(This piece was originally posted to the HeroX blog)
A few years ago, Wazoku, a UK idea management software company, sponsored an innovation survey. The results of the survey are a cause of concern for anyone interested in corporate innovation.
Full 85 percent of respondents to the survey – board members, senior and middle managers, and line workers within large UK enterprises – considered innovation important to their companies. Yet 53 percent of surveyed managers were unaware of their organization’s definition of innovation and how it fits into wider corporate goals; 38 percent of them said innovation wasn’t their responsibility because it wasn’t in their job descriptions.
A lack of understanding of what innovation means – in general, and for any organization, in particular – remains one of the most serious problems facing corporate innovation. Even many CEOs aren’t immune to this “disease,” but at the lower organizational levels, almost everyone is affected.
No single fix exists to solve the problem. However, the organizations that are new to the structured innovation process – or the ones that experience troubles in running effective innovation programs – may consider a solution that looks deceptively simple and yet may prove surprisingly effective.
This solution is to create a corporate Innovation Charter. There are at least three reasons why the Innovation Charter could help organizations innovate better.
The Innovation Charter outlines major aspects of the company’s innovation strategy.
The major objective of the Innovation Charter is to outline what innovation means for this specific organization. It should explain where the company stands today; where the company wants to be in a few years; how the gap is to be bridged, and what role innovation should play in this process. The clarity about the place innovation occupies within the framework of the general corporate strategy will help select and support appropriate innovation programs.
Equally important, the Innovation Charter would help create a common innovation language, the lack of which often results in a communication wall between the innovation team and the rest of the organization.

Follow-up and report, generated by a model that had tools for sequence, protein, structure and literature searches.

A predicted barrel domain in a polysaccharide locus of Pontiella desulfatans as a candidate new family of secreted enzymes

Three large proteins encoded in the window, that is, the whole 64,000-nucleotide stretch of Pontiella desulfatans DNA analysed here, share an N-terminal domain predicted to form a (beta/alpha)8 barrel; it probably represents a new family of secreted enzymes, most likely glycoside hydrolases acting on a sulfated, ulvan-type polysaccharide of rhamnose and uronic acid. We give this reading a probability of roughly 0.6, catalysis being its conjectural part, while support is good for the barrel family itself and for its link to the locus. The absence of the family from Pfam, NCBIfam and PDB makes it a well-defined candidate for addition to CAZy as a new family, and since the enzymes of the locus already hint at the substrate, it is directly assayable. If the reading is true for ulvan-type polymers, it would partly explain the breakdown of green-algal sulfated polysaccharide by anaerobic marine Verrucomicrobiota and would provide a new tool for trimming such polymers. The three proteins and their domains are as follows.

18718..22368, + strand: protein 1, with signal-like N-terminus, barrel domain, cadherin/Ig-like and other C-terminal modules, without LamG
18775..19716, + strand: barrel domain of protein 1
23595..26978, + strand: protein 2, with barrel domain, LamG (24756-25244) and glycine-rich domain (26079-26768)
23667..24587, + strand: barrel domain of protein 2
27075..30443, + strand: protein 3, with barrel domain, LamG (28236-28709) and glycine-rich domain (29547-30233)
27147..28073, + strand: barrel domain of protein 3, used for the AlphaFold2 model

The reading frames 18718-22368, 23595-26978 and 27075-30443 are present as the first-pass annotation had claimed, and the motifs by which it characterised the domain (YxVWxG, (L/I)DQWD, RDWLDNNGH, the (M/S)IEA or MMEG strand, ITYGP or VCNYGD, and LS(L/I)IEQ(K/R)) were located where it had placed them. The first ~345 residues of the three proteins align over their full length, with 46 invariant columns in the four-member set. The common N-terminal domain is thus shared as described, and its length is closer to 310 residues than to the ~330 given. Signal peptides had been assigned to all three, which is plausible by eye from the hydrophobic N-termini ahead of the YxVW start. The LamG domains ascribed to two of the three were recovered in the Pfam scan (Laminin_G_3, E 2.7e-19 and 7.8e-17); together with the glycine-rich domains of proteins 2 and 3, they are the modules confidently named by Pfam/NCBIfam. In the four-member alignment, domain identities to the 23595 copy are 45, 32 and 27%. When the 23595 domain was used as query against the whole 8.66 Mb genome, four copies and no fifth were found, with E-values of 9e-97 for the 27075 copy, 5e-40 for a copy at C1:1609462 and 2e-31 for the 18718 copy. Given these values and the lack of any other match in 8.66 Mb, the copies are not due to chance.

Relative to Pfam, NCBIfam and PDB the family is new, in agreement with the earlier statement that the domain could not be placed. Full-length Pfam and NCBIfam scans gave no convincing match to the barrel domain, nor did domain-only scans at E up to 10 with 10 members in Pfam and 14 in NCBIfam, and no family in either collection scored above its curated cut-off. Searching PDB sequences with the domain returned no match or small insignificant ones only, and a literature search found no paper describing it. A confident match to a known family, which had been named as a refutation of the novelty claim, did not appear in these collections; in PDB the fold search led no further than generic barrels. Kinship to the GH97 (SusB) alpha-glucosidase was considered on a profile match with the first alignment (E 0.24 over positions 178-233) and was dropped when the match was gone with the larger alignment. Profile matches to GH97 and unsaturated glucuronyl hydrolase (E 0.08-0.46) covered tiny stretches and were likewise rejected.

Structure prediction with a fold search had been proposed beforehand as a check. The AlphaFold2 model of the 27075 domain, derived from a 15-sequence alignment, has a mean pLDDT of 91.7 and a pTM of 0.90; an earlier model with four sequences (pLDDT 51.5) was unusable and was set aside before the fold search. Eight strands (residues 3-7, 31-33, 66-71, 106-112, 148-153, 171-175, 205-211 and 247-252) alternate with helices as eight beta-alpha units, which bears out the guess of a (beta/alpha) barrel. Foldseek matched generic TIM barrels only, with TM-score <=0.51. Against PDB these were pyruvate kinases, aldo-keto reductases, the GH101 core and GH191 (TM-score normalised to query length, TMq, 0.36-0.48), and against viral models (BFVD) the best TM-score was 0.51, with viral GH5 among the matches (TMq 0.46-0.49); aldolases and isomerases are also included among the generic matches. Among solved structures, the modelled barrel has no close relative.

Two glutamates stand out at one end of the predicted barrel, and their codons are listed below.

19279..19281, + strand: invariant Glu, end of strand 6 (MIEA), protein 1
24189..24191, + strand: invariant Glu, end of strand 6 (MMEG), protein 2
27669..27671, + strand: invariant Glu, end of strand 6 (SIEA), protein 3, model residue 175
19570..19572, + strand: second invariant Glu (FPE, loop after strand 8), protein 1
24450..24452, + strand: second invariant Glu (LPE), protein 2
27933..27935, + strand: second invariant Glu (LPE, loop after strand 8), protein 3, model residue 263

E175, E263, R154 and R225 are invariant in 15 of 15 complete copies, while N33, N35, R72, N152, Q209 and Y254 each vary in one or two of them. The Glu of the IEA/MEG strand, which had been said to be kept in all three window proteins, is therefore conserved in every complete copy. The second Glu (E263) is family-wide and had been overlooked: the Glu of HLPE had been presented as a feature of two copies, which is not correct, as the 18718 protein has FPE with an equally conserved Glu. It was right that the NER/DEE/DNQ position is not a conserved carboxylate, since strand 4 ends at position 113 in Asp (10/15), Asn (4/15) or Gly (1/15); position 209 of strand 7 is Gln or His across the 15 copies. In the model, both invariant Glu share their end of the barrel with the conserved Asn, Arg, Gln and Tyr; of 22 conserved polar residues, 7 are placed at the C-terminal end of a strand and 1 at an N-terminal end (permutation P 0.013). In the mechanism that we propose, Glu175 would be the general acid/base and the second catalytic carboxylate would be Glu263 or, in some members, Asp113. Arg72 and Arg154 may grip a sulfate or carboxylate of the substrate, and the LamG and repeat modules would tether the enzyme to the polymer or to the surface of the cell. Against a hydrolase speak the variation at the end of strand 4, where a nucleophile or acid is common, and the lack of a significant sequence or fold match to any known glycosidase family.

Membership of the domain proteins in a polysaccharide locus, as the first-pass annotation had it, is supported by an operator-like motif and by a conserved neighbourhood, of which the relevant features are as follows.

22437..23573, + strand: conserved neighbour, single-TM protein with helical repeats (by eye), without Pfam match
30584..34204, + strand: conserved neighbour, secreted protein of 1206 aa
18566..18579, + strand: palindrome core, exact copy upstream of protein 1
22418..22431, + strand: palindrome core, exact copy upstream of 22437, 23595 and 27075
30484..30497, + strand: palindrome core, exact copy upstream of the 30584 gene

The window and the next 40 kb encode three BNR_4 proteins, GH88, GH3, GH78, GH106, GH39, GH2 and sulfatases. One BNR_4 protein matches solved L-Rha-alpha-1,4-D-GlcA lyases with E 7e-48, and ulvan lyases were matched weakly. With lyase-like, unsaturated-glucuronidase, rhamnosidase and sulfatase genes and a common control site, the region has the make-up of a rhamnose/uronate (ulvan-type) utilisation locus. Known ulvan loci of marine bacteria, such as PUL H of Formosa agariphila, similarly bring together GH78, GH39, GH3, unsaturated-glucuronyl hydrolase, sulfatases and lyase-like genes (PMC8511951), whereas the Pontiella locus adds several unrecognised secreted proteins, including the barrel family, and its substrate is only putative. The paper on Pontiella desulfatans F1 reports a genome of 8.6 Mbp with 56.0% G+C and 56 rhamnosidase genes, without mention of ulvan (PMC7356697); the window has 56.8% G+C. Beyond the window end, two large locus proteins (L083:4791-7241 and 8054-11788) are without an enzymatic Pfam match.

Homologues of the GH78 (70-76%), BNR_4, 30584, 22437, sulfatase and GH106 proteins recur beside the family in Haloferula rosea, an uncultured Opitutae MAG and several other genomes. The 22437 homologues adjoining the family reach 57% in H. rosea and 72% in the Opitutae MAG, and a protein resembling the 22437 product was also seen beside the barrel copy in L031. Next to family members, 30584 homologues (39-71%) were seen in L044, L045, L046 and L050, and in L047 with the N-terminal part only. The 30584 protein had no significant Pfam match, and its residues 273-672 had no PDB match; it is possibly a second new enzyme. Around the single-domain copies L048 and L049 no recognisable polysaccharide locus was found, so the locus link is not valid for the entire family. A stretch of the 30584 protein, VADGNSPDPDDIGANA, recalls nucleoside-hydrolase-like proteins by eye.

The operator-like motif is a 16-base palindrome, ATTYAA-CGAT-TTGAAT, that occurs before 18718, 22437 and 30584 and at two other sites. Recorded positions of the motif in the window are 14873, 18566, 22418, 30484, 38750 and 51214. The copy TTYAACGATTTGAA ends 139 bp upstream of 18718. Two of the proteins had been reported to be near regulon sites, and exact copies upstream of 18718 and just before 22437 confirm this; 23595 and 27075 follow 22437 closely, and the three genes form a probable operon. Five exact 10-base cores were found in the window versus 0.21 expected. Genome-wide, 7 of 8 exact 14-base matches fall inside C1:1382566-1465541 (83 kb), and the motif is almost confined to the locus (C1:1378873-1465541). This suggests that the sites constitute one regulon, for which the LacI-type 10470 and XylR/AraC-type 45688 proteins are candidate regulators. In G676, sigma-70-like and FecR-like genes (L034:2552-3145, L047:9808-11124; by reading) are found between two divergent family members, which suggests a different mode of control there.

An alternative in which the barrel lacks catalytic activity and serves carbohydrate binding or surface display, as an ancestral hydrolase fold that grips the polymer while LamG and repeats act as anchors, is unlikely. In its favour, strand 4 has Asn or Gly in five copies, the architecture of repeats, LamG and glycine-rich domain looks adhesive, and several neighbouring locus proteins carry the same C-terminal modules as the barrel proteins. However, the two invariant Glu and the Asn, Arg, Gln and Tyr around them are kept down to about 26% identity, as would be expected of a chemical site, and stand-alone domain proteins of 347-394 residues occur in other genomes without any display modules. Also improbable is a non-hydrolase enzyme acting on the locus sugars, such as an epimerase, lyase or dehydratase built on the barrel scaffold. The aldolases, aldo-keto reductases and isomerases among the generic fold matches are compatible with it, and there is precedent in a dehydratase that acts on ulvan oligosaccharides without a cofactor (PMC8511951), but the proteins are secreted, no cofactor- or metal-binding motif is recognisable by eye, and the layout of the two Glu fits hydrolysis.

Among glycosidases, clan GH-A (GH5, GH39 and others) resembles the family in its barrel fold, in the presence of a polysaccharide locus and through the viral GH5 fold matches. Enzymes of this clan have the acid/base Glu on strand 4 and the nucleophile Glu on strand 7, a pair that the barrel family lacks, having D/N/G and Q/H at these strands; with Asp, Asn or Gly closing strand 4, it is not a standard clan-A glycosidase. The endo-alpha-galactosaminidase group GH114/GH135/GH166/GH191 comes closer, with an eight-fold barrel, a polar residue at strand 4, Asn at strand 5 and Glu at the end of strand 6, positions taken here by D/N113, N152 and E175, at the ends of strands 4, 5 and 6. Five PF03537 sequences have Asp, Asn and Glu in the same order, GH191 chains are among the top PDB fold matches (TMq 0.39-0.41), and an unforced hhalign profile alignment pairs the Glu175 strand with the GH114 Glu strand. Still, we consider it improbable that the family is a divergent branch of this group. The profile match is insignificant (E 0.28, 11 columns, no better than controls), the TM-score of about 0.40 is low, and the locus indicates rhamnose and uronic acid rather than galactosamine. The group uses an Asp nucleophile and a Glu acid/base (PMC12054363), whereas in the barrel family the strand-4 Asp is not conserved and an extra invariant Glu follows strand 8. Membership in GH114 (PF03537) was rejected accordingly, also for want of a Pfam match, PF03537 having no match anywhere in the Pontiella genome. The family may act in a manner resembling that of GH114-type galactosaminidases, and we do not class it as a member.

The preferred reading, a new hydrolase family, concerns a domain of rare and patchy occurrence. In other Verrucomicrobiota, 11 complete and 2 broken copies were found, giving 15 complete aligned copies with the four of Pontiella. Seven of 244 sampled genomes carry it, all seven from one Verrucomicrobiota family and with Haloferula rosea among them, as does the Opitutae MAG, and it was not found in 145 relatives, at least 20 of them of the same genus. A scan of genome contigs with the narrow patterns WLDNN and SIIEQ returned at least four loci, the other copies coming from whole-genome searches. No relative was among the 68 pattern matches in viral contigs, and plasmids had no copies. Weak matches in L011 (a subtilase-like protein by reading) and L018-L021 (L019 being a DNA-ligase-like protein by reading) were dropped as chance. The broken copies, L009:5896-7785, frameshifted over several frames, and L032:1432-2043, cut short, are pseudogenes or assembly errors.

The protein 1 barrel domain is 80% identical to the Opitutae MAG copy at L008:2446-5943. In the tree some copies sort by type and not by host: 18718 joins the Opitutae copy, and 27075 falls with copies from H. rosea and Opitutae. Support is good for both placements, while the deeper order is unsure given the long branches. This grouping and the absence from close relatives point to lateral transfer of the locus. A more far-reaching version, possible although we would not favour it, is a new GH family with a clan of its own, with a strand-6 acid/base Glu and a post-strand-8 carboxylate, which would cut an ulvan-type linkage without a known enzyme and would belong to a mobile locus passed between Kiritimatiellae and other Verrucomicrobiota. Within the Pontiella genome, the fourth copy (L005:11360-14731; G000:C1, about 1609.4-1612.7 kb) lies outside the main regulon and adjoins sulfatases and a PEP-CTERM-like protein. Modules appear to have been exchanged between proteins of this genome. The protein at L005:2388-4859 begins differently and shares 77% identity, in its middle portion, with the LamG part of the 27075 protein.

The Innovation Charter creates the innovation “law of the land.”
CEOs are routinely blamed for the lack of attention to innovation. But let’s face it: they are very busy people in charge of everything, and it’s plain unrealistic to expect them to pay undivided attention to innovation, a continuous process with no evident need for day-to-day executive control.
So, instead of asking the CEO for constant intervention, the innovation team should create the Innovation Charter and ask the CEO to explicitly endorse it. With this endorsement, the innovation team can claim executive support even when the attention of the executive leaders will inevitably shift to other priorities.
In other words, the Innovation Charter establishes the innovation “law of the land.” Sure, like any other law, it needs periodic re-enforcement, but it still helps maintain order even when “the cops are away.”
The Innovation Charter makes innovation “everyone’s business.”
Corporate innovation can only succeed if it’ll expand from the traditional R&D or product development units to departments that are not directly involved in innovation programs (manufacturing, finance, HR, etc.). Unfortunately, very often, the corporate structure is too rigid, too “anti-matrix,” to allow innovation to become “everyone’s business.”
Realistically, not everyone in the company will be willing to assume an extra-load that participation in innovation activities demands. But even those who are, often can’t get involved because of the pressure of their everyday tasks. Here, the Innovation Charter can help too as it provides an explicit mandate to get involved in innovation activities, something that even all-powerful mid-level managers can’t easily ignore.
In other words, the Innovation Charter sends a message to the whole organization: “Yes, you can and you should!”